of the body should be bathed, especially the scalp, as the disease poison is apt to linger about the roots of the hair among the dandruff. The peeling of the feet and palms of the hands may be hastened by the use of pumice stone.
To purify the apartment, wash the furniture, woodwork, floor and walls (scraping off the paper) with the carbolic acid solution and soap. Then shut up the room tightly, pasting up windows and chimney with brown paper, and burn in it 1 Ib. of sulphur for every thousand cubic feet of space it contains. (A room 15 feet long, 12 feet broad, and 9 feet high, for instance, would require 1½ lb.) The action of the sulphur dioxide produced is more certain if the air of the room is moist. Steam should therefore be introduced into the room half an hour before the sulphur is burnt, or the walls of the room should be thoroughly sprayed with water.
The sulphur is best burnt in an iron dish supported upon a basin of water. To start it burning moisten with a little methylated spirit. Allow the fumes to remain in the closed room for 24 hours. Lastly, open doors and windows so as to ventilate freely, for a week, at the end of which time disinfection may generally be considered complete.
A more modern method of disinfecting, which has the great advantage over sulphur of not injuring fabrics and pictures and not bleaching colours, is the use of Formic Aldehyde Gas. The same precautions are taken of pasting up windows, chimneys and doors, and the gas is introduced into the room through the keyhole. Formalin, as it is also called, is best made by passing the vapour of methylated spirit over platinised asbestos. Special apparatus can be procured for this purpose, the use of which can be quickly learnt. The principal disinfecting establishments now use formalin in preference to sulphur.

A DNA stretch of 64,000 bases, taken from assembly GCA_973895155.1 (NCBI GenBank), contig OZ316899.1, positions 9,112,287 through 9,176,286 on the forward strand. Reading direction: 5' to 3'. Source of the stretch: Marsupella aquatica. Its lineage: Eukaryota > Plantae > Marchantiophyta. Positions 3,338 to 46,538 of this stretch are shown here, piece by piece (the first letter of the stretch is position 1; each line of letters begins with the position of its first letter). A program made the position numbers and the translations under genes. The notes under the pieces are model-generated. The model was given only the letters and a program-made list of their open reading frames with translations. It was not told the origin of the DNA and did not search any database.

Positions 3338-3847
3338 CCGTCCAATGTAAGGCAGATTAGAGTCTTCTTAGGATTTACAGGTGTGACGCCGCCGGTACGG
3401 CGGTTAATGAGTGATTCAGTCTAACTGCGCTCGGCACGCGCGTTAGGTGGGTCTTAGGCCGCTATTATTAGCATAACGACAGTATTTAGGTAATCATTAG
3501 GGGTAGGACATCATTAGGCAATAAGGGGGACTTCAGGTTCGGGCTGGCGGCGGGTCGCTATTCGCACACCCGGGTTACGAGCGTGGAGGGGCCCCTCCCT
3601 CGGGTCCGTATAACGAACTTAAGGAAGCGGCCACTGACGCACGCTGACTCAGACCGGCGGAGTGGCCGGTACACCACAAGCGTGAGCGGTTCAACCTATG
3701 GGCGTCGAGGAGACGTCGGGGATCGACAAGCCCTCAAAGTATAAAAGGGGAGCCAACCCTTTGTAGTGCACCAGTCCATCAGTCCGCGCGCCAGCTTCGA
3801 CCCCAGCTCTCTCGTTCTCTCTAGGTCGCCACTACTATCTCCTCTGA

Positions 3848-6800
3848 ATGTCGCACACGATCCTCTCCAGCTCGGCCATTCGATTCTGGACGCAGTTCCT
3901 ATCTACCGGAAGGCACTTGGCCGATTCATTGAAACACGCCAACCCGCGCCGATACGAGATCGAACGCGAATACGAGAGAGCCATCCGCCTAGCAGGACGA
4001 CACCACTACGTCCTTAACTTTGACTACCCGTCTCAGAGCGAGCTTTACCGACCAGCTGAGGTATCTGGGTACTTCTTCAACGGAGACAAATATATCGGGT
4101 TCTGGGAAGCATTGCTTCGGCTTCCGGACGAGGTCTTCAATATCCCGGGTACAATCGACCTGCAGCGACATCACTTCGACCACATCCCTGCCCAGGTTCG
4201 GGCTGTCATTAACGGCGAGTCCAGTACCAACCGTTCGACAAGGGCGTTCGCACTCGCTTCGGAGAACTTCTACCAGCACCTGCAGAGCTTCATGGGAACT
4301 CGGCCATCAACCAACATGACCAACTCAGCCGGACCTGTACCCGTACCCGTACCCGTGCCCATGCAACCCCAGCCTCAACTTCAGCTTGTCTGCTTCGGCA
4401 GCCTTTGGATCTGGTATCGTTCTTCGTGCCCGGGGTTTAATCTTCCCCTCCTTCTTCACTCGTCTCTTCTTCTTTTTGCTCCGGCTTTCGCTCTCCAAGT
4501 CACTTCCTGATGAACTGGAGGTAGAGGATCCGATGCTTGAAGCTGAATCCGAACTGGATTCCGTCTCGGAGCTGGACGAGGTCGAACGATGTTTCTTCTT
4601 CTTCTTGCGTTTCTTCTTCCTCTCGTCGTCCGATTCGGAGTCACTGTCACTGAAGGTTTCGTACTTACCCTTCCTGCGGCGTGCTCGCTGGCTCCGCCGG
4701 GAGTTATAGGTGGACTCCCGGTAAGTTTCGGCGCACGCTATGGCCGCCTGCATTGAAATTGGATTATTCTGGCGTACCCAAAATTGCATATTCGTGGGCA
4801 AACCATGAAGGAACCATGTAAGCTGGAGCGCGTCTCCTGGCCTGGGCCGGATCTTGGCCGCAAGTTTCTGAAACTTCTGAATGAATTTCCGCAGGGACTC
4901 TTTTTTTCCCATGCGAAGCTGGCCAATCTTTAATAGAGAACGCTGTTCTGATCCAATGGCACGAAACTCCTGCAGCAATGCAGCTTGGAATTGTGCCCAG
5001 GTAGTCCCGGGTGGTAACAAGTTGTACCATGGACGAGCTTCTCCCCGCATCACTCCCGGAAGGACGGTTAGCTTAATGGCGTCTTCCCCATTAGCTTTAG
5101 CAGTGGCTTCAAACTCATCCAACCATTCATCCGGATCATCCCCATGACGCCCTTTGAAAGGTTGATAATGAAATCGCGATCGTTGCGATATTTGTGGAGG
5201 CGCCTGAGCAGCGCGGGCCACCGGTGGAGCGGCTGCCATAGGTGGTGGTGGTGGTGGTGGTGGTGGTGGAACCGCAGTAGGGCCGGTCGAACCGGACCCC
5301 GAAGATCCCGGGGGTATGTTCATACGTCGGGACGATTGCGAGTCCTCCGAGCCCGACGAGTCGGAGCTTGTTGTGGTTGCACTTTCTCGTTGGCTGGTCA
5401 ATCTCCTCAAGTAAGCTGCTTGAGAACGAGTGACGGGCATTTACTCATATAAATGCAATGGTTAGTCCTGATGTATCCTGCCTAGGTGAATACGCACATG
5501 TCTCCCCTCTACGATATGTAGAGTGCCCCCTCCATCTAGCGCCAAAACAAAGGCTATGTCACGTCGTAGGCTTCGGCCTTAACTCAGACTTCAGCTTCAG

Small-pox, or Variola.—This is a febrile, eruptive and contagious disorder, which in the past raged with much violence in this country, but in recent periods has been vastly controlled by the discovery of vaccination. About its origin not much is known. The earliest records mention a disease which was probably small-pox, as far back as the sixth century; since this period it has appeared with more or less virulence at various periods. The most common varieties are: the discrete, in which the pustules are distinct; the confluent, in which the pustules run together; the malignant, which is often associated with purpura and an eruption resembling measles—a very dangerous form; and the modified, which comes on in those partially protected by vaccination, and is a kind that runs a very mild course. In cases of small-pox there are: (1) the stage of incubation, which lasts 12 days from the date of receiving the poison ; (2) the stage of eruptive fever, lasting 48 hours; (3) the stage of maturation, wherein the rash is fully developed, lasting about 9 days ; (4) the stage of secondary fever or decline, lasting a variable time, according to the severity of the disease. Discrete small-pox is, next to the modified, the simplest